The New Land law particularly the Land Registration Act contains very protective provisions for spouses when it comes to matrimonial property. Prior to the enactment of the New Constitution, dealings in matrimonial property were governed mainly by family law doctrines and case law.

Well the good news is that the New Land Act contains specific provisions safeguarding and protecting a spouse’s interest to matrimonial property whether or not they are registered as owners. Before going into this, there are some cases where land is held in the joint names of two or more persons. Marital holding of property is just one example, where the property as a whole is held in indefeasible shares, meaning no spouse can claim a bigger stake in the asset than the other. The other could be in the case where two or more persons invest in land jointly in shares that are clearly defeasible such that it is clear that person A owns 50% while B owns 50%. The first type is called a joint tenancy while the second is a common tenancy. Common tenancies are mostly where the stake in the property is clear and is defeasible such that in the event one partner dies, then his share in the property transfers to his estate. In a joint tenancy if one of the partners dies, then his share automatically goes to the surviving partner. Part IX of the Land Registration Act refers to all such ownerships, whether they are joint or common as co-tenancies.


In a joint tenancy such as in a marriage, the new law provides that no joint tenant can unilaterally dispose of the property without the consent of the others. This means that in the case of a marriage one spouse cannot sell off the property without first seeking the other spouses ‘consent. In a joint tenancy if one of the joint tenants wishes to opt out of the ownership then his interest can only be transferred to the remaining joint tenants and no others. Any transfer of his interest to someone who is not a joint tenant shall be null and void. This clause is very important for both people who are married to know and is also important if you are purchasing property from a married couple. The consent of the other spouse must be sought. Ordinarily if a title is owned jointly by two persons then the transfer must also be signed by both of them.


It is interesting to note that the law says that there can be no other joint tenancy except in a marriage. Any other persons who wish to own their property as joint tenants can only do so with leave of the court. For example if it is a family owned business which is to continue in perpetuity, then the family cannot create a joint tenancy unless court permission is sought.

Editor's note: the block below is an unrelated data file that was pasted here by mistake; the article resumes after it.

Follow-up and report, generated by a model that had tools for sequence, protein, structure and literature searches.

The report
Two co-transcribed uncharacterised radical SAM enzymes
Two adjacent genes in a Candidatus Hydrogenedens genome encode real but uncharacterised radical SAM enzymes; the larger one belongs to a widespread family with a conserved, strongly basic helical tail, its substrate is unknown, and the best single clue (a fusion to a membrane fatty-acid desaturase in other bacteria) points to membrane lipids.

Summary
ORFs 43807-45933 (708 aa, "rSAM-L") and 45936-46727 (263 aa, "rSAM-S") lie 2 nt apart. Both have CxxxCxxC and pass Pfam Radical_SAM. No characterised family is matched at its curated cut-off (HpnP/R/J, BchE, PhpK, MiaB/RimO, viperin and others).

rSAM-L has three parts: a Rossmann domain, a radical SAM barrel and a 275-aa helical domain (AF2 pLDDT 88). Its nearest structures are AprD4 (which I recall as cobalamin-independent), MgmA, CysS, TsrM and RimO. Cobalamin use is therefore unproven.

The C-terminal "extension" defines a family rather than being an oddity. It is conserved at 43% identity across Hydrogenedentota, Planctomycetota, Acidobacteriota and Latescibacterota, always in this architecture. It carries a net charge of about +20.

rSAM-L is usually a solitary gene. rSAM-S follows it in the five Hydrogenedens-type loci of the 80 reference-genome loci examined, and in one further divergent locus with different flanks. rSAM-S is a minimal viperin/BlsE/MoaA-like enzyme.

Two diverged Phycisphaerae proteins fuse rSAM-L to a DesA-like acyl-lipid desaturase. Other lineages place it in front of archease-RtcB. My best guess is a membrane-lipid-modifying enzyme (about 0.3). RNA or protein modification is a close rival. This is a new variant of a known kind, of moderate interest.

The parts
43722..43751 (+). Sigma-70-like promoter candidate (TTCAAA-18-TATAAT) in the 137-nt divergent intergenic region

Section 93 of the Act clearly details the rights of a spouse over matrimonial property. One interesting provision is that where the land is held in the name of only one spouse but the other can show that they have contributed significantly to the improvement of that land, then the law expressly recognises their co-ownership even if there has been no registration to this effect. For example if you own a piece of land and say your wife has improved it either by maintaining it or improving it in some other way, then legally she becomes a co-owner of that land even if the title is only in your name. This provision is expressly contained in the Act and we wait to see how it will be effected.


Of even more interest is that when a lender is advancing to one person some loan against land as security, then the lender has the duty to inquire if the borrower has a spouse and if he does then he/she must show that they have sought their spouses consent to take the loan. The same with a sale of land. A person buying property is under duty to inquire if the seller has a spouse and if so, if the spouse has consented to the transaction. The law is clear that if it turns out that the consent of the spouse was not sought or if the borrower/seller gave false information to the third party regarding the spouses ‘interest then the transaction becomes null and void. Therefore next time you are buying land add this inquiry as part of your due diligence lest your transaction is declared null and void at the affected spouse’s instance.


These provisions are very helpful especially where one spouse hides their assets from the other or where one spouse is left with virtually no say in dealing with the matrimonial property. The law treats them like almost equals when it comes to matrimonial property.

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